Tuesday, 24 April 2007

About Bees...part two

This is a quote from a list that my husband subscribes to...

"I'm an organic beekeeper.

"Two things here. One, we would not be so dependent on commercial non-native factory farmed honey bees if we were not killing off native pollinators. Organic agriculture does not use chemicals or crops toxic to bees and, done properly, preserves wildlife habitat in the vicinity, recognizing the intimate relationship between cultivated fields and natural areas.

"Two, factory farmed honey bees are more susceptible to stress from environmental sources than organic or feral honey bees. I know a lot of people think beekeeping is all natural but in commercial operations the bees are treated just like livestock on factory farms.

"I'm on an organic beekeeping list list of about 1,000 people, mostly Americans, and no one in the organic beekeeping world, including commercial beekeepers, is reporting colony collapse on this list. The problem with the big commercial guys is that they put pesticides in their hives to fumigate for varroa mites and they feed antibiotics to the bees. They also haul the hives by truck all over the place to make more money with pollination services which stresses the colonies.

"Bees have been bred for the past 100 years to be much larger than they would be if left to their own devices. If you find a feral honeybee colony in a tree, for example, the cells they lay eggs in are about 4.9 mm wide. This is the size they want to build, the natural size.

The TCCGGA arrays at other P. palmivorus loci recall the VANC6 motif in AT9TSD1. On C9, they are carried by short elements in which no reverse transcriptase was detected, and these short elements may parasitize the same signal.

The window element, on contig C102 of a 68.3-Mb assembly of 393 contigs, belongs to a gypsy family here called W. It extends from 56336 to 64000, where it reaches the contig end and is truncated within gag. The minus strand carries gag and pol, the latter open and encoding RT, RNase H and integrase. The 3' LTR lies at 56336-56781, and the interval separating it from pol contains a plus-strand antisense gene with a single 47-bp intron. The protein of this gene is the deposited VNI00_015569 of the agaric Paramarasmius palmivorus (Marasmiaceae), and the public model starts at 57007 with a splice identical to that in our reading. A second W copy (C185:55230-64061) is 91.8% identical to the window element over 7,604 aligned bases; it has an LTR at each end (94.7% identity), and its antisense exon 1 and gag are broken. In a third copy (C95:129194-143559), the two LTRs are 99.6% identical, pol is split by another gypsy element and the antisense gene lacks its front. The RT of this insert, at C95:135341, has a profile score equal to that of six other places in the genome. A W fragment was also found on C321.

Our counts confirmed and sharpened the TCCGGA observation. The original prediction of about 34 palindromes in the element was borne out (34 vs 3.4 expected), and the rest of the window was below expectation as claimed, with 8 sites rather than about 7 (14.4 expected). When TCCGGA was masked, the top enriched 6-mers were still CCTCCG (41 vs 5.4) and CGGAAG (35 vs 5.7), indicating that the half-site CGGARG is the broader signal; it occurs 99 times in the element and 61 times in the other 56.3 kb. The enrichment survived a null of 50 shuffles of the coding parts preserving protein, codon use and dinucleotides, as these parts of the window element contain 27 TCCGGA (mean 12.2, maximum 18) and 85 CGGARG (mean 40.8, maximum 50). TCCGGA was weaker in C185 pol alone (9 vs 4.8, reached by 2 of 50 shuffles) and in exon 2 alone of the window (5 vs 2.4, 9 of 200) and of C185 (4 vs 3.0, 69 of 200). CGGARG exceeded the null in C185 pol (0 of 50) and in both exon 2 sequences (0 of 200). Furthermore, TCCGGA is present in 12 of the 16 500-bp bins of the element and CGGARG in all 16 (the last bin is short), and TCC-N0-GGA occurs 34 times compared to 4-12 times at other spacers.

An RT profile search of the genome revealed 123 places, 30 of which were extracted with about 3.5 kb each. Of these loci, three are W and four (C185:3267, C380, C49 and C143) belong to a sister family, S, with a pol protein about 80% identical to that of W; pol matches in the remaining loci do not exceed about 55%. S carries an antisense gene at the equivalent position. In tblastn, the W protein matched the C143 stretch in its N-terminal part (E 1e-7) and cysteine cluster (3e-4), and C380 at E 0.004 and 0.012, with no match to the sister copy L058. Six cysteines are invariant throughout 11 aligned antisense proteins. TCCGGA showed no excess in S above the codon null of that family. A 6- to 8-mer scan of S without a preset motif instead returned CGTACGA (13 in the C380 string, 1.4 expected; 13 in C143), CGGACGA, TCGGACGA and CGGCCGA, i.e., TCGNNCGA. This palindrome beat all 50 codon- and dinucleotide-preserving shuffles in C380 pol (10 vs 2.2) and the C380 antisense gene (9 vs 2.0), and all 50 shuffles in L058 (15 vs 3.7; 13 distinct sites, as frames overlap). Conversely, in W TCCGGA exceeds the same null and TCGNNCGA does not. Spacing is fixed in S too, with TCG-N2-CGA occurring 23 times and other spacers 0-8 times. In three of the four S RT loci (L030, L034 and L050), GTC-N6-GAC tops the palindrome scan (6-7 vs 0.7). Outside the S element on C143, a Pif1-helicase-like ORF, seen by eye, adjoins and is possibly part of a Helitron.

"The foundation wax that beekeepers buy have cells that are 5.4 mm wide so eggs laid in these cells produce much bigger bees. It's the same factory farm mentality we've used to produce other livestock - bigger is better. But the bigger bees, for a lot of easy to understand reasons, do not fare as well as natural sized bees. It's now possible to buy foundation with these smaller sized cells but most beekeepers in Canada don't have a clue, or aren't willing to put the effort into going organic this way. Certified organic honey, as in the President's Choice brand, still allows chemicals to be put in the hive.

"So the factory farm aspects of beekeeping, combined with all sorts of negative environmental factors, puts enough stress on the colonies that they are more susceptible to dying out."


Katherine said...

Very interesting, Nicola. Never thought about the "factory farming" of bees. More support for leaving Nature alone rather than using lots of chemicals...

Mary-Sue said...

SO interesting. thanks for this.
more more more!!!